The Great “Zoom Boom”: Challenges Faced and Lessons Learned
- Tonya Martino - WWAMI Institute for Simulation in Healthcare (WISH), UW Medicine Seattle
- Megan Sherman - WWAMI Institute for Simulation in Healthcare (WISH), UW Medicine Seattle
- Farrah Leland - WWAMI Institute for Simulation in Healthcare (WISH), UW Medicine Seattle
Team based learning and simulation is a vital aspect of healthcare education. From students to seasoned professionals, research shows providing immediate application and practice of team skills in a team setting, benefits long term retention and use of new skills in future practice. What happens when in-person simulation based practice opportunities unexpectedly become impossible?
We have all experienced a forced migration to a virtual environment. This pivot was no more substantially felt than in education. As schools and faculty scrambled to shift to online learning, we questioned if we could bring the same level of experiential learning to our virtual learners. How does one train tasks/procedures, let alone team performance and communication, when team members aren’t in the same space? Pedagogically, we know interaction and engagement are crucial to the learning experience. Historically, in-person learning for our TeamSTEPPS Master Training Program provided didactic training with hands-on practice with simulation and group activities, allowing for increased knowledge of teachings. In the virtual world, team members can feel disengaged and distanced from the content making it vital and more challenging, to foster an experiential learning.
With the American Hospital Association’s support, our UW team developed, trialed, and refined a new model for our established program. Transitioning a 2 day in-person, hands on session, to a 9 week fully virtual offering. Beginning our 4th cohort of this longitudinal model pilot program, early results are promising that redesigned offerings are potentially more beneficial for retention and application. We will share strategies, lessons learned, unexpected bright spots, and serendipitous flexibility of starting from scratch.
How does one even begin to train on team performance and communication, when the team members aren’t even in the same space? As a simulation center, we based our education in experiential learning – how could we possibly begin to replicate that in an online setting?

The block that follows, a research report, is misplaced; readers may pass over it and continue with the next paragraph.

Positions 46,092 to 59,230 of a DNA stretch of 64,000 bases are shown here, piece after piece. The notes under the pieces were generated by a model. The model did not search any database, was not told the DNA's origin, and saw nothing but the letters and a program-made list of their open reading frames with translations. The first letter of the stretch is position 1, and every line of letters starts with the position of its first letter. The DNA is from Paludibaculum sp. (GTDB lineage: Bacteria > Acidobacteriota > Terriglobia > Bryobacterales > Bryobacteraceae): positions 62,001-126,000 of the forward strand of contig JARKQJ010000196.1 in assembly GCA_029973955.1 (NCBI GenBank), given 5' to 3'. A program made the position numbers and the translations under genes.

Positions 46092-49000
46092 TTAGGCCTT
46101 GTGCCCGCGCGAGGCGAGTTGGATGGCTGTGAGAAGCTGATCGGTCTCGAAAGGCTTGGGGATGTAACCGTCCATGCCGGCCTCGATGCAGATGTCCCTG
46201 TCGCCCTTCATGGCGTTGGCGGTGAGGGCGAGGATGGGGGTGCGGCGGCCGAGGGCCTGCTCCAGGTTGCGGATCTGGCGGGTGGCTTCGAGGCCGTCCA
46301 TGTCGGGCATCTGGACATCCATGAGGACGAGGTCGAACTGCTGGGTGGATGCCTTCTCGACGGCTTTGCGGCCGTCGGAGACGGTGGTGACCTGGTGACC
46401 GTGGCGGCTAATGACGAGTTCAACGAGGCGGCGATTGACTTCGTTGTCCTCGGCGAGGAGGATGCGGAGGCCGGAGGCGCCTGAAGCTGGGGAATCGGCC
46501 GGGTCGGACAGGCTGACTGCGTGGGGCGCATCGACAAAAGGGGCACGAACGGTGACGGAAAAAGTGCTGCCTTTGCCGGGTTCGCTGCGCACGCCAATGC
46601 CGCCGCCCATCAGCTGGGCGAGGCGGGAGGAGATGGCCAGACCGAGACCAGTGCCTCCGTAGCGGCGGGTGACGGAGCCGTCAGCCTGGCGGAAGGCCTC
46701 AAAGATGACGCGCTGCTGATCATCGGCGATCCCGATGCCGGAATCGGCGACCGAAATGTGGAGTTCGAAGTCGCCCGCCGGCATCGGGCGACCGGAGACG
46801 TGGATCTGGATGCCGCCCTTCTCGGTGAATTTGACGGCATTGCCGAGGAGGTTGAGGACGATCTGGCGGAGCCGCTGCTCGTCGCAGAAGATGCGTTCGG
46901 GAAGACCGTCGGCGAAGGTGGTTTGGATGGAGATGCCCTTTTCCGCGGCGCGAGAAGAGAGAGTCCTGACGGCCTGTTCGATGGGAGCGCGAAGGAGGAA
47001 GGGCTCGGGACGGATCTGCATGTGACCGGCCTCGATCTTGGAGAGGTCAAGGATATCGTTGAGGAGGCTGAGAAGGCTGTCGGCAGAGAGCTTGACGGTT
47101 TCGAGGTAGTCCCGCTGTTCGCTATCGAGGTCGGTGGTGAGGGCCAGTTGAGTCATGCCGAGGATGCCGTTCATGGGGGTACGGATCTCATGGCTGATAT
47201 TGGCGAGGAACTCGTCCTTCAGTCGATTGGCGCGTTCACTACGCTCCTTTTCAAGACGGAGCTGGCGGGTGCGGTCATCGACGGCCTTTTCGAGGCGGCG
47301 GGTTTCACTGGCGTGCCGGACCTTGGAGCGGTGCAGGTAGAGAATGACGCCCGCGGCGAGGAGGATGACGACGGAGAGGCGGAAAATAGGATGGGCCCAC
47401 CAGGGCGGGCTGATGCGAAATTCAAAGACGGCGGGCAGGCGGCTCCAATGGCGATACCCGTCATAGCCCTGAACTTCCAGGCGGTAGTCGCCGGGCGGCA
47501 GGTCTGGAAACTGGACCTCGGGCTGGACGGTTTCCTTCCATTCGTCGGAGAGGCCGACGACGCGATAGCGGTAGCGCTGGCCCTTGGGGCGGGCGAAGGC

RESEARCH METHODS / SCHOLARLY BASIS
Willgerodt, M., Sonney, J., Liner, D., Barchet, L. (2018). The Power of a Team: Using Unfolding Video Cases in Interprofessional Education for Advanced Health Trainees. MedEdPORTAL Publication. DOI: 10.15766/mep_2374-8265.10707
Brock, D., Abu-Rish, E., Chiu, C., Hammer, D., Wilson, S., Vorvick, L.,…Zierler, B. (2013). Interprofessional education in team communication: Working together to improve patient safety. BJM Quality & Safety, 22(5):414-23. DOI: 10.1136/bmjqs-2012-000952
Zierler, B., Ross, B., & Liner, D. (2010). The Macy Interprofessional Collaborative Project, the University of Washington. J Allied Health, 39 Suppl 1, e131-132. http://www.ncbi.nlm.nih.gov/pubmed/21174030
Lipmanowicz, H, McCandless, K. The Surprising Power of Liberating Structures. Seattle, WA: Liberating Structures Press; 2004
Godfrey, M, Dartmouth Institute, Coaching Workshop, July 2015
Sherman, M., Leland, F., O’Brien, K., Macy Train the Trainer (T3) Faculty Development Program, January 2016.
Merriam, S. B., & Bierema, L. L. (2014). Adult learning: linking theory and practice. Jossey-Bass.
AHRQ, Agency for Healthcare Research and Quality. (2006). TeamSTEPPS: team strategies & tools to enhance performance & patient safety.
With the American Hospital Association’s support, our UW team developed, trialed, and refined a new model for the established Master Training Program. Transitioning a two-day in-person, hands on session, to a nine-week fully virtual offering. The revised longitudinal model of learning has been found to achieve a high level of proficiency and increased knowledge retention based on the opportunity for real just-in-time use of the new content over the extended period of learning. Beginning out 4th cohort of this pilot program, early results are promising that the redesigned offerings have been potentially even more beneficial for ongoing retention and application of content.
We discovered that by restructuring and reordering much of our content, we were able to streamline delivery while also filling gaps that had existed for years in the 2 day in-person content. Our 2-Day session, had become a 9 week virtual program, with weekly asynchronous material, supplemented by a 90 minute “application of skills” focused live session, and punctuated with online discussion for healthcare professionals.
- created on
- publisherUniversity of Washington